Why am I even here?
I caught myself thinking that recently, thirty minutes into another how-long-is-this-possibly-going-to-last meeting. You know what I’m talking about. The meeting that drones on and on. The meeting where everyone sits not-so-secretly surfing Facebook on their smartphone. The warehouse meeting that somehow gets hijacked by “Doug” from accounting.
According to a survey of U.S. professionals by Salary.com, meetings ranked as the number one office productivity killer. And… I kind of agree. At ECHOtape, we are in the midst of looking at all of the meetings we run, actively searching for ways to streamline and improve. While we haven’t landed the best approach for us just yet, I did discover some amazing ideas that I thought were worth sharing.
The company that built Basecamp is quite rigid about meetings. In fact, if it were up to 37 Signals, there would be no meetings at all and discussion would be limited to IM and email. In the company’s best-selling book Rework, they urge creatives to remember that “every minute you avoid spending in a meeting is a minute you can get real work done instead.” But if you absolutely must meet, they have three rules: Keep it short. Have an agenda. Invite as few people as possible.
How short is short? Well, research shows that our attention span is between 10 – 18 minutes. In fact, TED (the nonprofit devoted to spreading ideas, usually in the form of short, powerful talks) has proven that a lot can happen in 18 minutes: In a 15-minute TED talk, Facebook COO Sheryl Sandberg inspired millions of women to “lean in.” Steve Jobs gave one of the most popular commencement addresses of our time at Stanford University and he did it in 15 minutes. The team at Percolate sets 15 minutes as the default length for all meetings. It took Dr. Martin Luther King 17 minutes to share his dream of racial equality. And Yahoo’s Marissa Mayer famously schedules 10-minute meetings.
Set a timer. Another 37 Signals recommendation — set a timer. When it rings, meeting’s over. Period. In fact, many amazing artists —like Austin Kleon and Damien Correll—use timer constraints to fuel their ideas and creations every day. Check out The Pomodoro Technique.
Bechance’s Scott Belsky abolished Monday Meetings. Gathering people for no other reason than “it’s Monday!” makes little-to-no sense. And automatic meetings are often lessons in futility.
According to Fortune’s Adam Lashinsky, Apple breeds accountability at meetings by having a Directly Responsible Individual (DRI) whose name appears next to all of the agenda items they are responsible for. With every task tagged, there’s rarely any confusion about who should be getting what done.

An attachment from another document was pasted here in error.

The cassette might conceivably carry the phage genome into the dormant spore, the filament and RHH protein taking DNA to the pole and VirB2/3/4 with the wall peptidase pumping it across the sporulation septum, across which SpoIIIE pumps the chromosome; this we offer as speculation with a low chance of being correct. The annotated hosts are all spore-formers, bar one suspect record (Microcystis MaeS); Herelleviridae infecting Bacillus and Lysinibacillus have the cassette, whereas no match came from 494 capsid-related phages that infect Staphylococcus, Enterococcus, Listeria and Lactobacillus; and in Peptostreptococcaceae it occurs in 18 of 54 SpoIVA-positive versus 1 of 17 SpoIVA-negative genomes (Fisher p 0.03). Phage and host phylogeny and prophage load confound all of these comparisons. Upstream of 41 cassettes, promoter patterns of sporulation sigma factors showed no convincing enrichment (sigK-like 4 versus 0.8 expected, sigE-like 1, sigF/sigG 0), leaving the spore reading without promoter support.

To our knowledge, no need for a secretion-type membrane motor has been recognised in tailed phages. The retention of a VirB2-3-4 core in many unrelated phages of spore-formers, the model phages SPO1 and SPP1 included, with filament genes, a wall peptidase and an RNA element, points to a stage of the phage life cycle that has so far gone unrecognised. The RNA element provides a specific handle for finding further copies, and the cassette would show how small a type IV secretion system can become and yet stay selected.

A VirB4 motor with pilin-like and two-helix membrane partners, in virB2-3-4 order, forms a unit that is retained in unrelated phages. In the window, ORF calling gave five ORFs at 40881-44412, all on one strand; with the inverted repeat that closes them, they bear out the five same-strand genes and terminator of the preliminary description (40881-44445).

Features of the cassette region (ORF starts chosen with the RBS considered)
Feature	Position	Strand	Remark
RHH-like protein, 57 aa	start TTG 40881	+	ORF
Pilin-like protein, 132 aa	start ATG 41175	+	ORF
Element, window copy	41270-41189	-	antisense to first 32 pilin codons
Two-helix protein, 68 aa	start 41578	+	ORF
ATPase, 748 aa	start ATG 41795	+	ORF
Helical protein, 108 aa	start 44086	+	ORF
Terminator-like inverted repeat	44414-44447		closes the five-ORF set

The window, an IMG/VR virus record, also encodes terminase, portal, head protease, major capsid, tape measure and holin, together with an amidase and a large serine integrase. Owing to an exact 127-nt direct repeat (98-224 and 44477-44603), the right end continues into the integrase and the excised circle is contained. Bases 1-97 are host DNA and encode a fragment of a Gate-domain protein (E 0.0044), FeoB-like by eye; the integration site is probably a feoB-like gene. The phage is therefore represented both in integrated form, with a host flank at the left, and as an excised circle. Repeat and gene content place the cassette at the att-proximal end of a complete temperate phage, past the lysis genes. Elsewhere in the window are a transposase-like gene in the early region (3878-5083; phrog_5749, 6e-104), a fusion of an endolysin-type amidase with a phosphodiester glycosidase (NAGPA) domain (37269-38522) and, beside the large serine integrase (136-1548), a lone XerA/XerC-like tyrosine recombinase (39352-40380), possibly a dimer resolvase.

Catalyst, a group of young leaders in the South, places an emphasis on keeping meetings positive and loose. The answer is always “yes, and…” Keep things positive and ideas flowing by not shouting down initial proposals.
In a recent issue of “Think With Google,” Google VP of Business Operations Kristen Gil described how the company spent 2011 getting back to its original values as a startup, which included reconsidering how the company approached meetings. Top takeaways include: No more than ten people at a meeting, and decisions should never wait for a meeting.
Richard Branson famously claims that innovative ideas come from innovative spaces. A boardroom and powerpoint puts everyone to sleep. Holding a meeting in a park or cafe will inject a breath of fresh air into any group meeting and likely generate new ideas and ways of thinking. He’s not the only one. See Nilofer Merchant’s TED talk on walking meetings.
Eliminate electronic note taking. Meaning no laptops or cell phones; hand-written notes are the way to go.
Say it in five words. To make sure everyone is on the same page, American Express vice president Christopher Frank requires everyone at a meeting answer the question, “What is this meeting about?”, with five words or less. “By clearly articulating the issue,” Frank wrote in an article for Forbes, “you will get a good idea of the information you need, the people you should talk to and will ensure everyone is working towards the same goal.”
Reily, a New Orleans-based food and beverage company was profiled in the book Good Boss, Bad Boss by Robert Sutton. The company utilizes “stand up” meetings made popular for the Agile method of software development.
Schedule the meetings for the same time. Keeping employees in a rhythm allows them to not have their work unexpectedly disrupted.
Stand up. Daily stand-up meetings have become a common ritual of many teams, especially in Agile software development. Jason Yip distinguishes the subtle details of effective stand-up meetings.
Like I said, I’m not sure which of these will make the cut in our own meeting practices, but the ideas are fascinating. Maybe we should meet about it. (Just kidding).
What are your top meeting tips?